In the last decades of the twentieth century, interest in effects of consciousness on health and illness generated several lines of investigation into effects on cancer. Animal studies showed sensitivity of some cancers to hormonal and stressful influences. However, those findings did not translate into effects on humans, nor did they lead to advances in understanding of human cancer. The proposal that emotional state or stress, mediated through psycho-neuro-immunologic mechanisms would affect cancer generation or growth, resulted in conflicting information. Major surveys found no relationship. The proposal of a cancer personality (Type C) also was not confirmed. Initial observations that depression and stress affected human cancer seem to have best been explained by misinterpretations of cause and effect. By the mid 1990s, a remaining thesis--effect of psychosocial support on longevity and the course of cancer--was yet to be resolved. Initial positive results, especially findings in two popularly quoted studies, were not confirmed; they seem to have been due to inadequate numbers (chance) or to artifacts in study design or implementation. Psychosocial support may result in better adjustment and quality of life, but it does not directly affect the evolution of human cancer.

Mind and cancer. do psychological factors cause cancer?

Dalton SO,   Eur J Cancer. 2002 Jul;38(10):1313-23.  Department of Psychosocial Cancer Research, Institute of Cancer Epidemiology, The Danish Cancer Society, Copenhagen, Denmark.

We have reviewed the evidence for an association between major life events, depression and personality factors and the risk for cancer. We identified and included only those prospective or retrospective studies in which the psychological variable was collected independently of the outcome. The evidence failed to support the hypothesis that major life events are a risk factor for cancer. The evidence was inconsistent for both depression and personality factors. Chance, bias or confounding may explain this result, as many of the studies had methodological weaknesses. The generally weak associations found, the inconsistency of the results, the unresolved underlying biological mechanism and equivocal findings of dose-response relationships prevent a conclusion that psychological factors are established risk factors. However, certain intriguing findings warrant further studies, which must, however, be well conducted and large and include detailed information on confounders.

Psychoneuroimmunology and cancer: fact or fiction?

Kiecolt-Glaser JK, Eur J Cancer. 1999 Oct;35(11):1603-7. Department of Psychiatry, Ohio State University College of Medicine

There is substantial evidence from both healthy populations as well as individuals with cancer linking psychological stress with immune downregulation. This discussion highlights natural killer (NK) cells, because of the role that they may play in malignant disease. In addition, distress or depression is also associated with two important processes for carcinogenesis: poorer repair of damaged DNA, and alterations in apoptosis. Conversely, the possibility that psychological interventions may enhance immune function and survival among cancer patients clearly merits further exploration, as does the evidence suggesting that social support may be a key psychological mediator. These studies and others suggest that psychological or behavioural factors may influence the incidence or progression of cancer through psychosocial influences on immune function and other physiological pathways.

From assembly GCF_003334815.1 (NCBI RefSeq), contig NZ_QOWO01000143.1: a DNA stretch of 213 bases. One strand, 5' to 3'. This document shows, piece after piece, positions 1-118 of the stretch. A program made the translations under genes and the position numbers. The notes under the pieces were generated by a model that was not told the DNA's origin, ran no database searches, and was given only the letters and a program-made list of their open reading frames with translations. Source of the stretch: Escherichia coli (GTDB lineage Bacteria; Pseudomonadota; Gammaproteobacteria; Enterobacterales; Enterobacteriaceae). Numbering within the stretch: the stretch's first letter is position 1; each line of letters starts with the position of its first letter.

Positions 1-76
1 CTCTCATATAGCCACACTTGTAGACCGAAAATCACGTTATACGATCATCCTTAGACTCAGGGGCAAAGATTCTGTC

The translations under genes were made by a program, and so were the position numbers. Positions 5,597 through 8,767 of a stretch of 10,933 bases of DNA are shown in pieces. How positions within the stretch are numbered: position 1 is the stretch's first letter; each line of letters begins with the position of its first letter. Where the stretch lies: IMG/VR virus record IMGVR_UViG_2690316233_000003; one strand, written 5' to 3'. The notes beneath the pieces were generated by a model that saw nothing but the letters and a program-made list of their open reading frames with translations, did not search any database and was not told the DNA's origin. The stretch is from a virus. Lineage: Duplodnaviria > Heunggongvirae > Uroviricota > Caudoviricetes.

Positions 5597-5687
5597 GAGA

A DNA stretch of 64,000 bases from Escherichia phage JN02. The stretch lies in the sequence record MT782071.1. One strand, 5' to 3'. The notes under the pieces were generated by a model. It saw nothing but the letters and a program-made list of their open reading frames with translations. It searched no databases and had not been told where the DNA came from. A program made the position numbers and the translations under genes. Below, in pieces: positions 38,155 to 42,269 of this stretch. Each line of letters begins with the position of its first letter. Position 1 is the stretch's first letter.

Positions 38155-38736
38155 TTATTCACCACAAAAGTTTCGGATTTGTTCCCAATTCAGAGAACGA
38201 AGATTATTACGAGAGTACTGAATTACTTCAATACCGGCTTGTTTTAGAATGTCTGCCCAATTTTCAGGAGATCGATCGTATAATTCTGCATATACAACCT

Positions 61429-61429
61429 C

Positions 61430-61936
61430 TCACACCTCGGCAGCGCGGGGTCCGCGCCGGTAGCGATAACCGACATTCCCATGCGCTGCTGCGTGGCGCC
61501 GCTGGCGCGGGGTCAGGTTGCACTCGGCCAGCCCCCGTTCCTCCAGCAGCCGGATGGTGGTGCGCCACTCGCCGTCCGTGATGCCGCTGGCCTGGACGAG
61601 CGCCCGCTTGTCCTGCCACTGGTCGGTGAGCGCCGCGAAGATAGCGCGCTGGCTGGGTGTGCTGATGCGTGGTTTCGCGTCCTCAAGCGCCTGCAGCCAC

Psychosocial correlates of cancer relapse and survival: a literature review.

De Boer MF, Patient Educ Couns. 1999 Jul;37(3):215-30. Department of Head and Neck Surgery, University Hospital Rotterdam Daniel den Hoed Cancer Center, Rotterdam, The Netherlands.

This article reviews literature on the psychosocial correlates of cancer relapse and survival from 1979 through 1995. The factors studied were structured according to a theoretical model of coping with cancer. Reviewed studies have shown that factors most frequently evaluated were depression, anxiety, hopelessness/helplessness, hostility, marital status and social involvement. Mainly inconsistent results were found. The strongest evidence for a relationship between psychosocial variables and prognosis was found for social involvement/social support; in 7 of 15 studies a positive relationship was demonstrated, while no negative associations were found. Coping styles e.g., fighting spirit and stoic acceptance, and severe/stressful life events were found to have no conclusive influence on the length of survival. Important determinants of the coping model, such as uncertainty and information given by the specialist were not studied as possible predictors of survival and/or relapse free period. Among the factors that showed no correlation at all was multidimensional health locus of control. For the inconsistent findings, a considerable number of methodologic shortcomings with respect to study design, sample size, measure and statistical analysis are enumerated.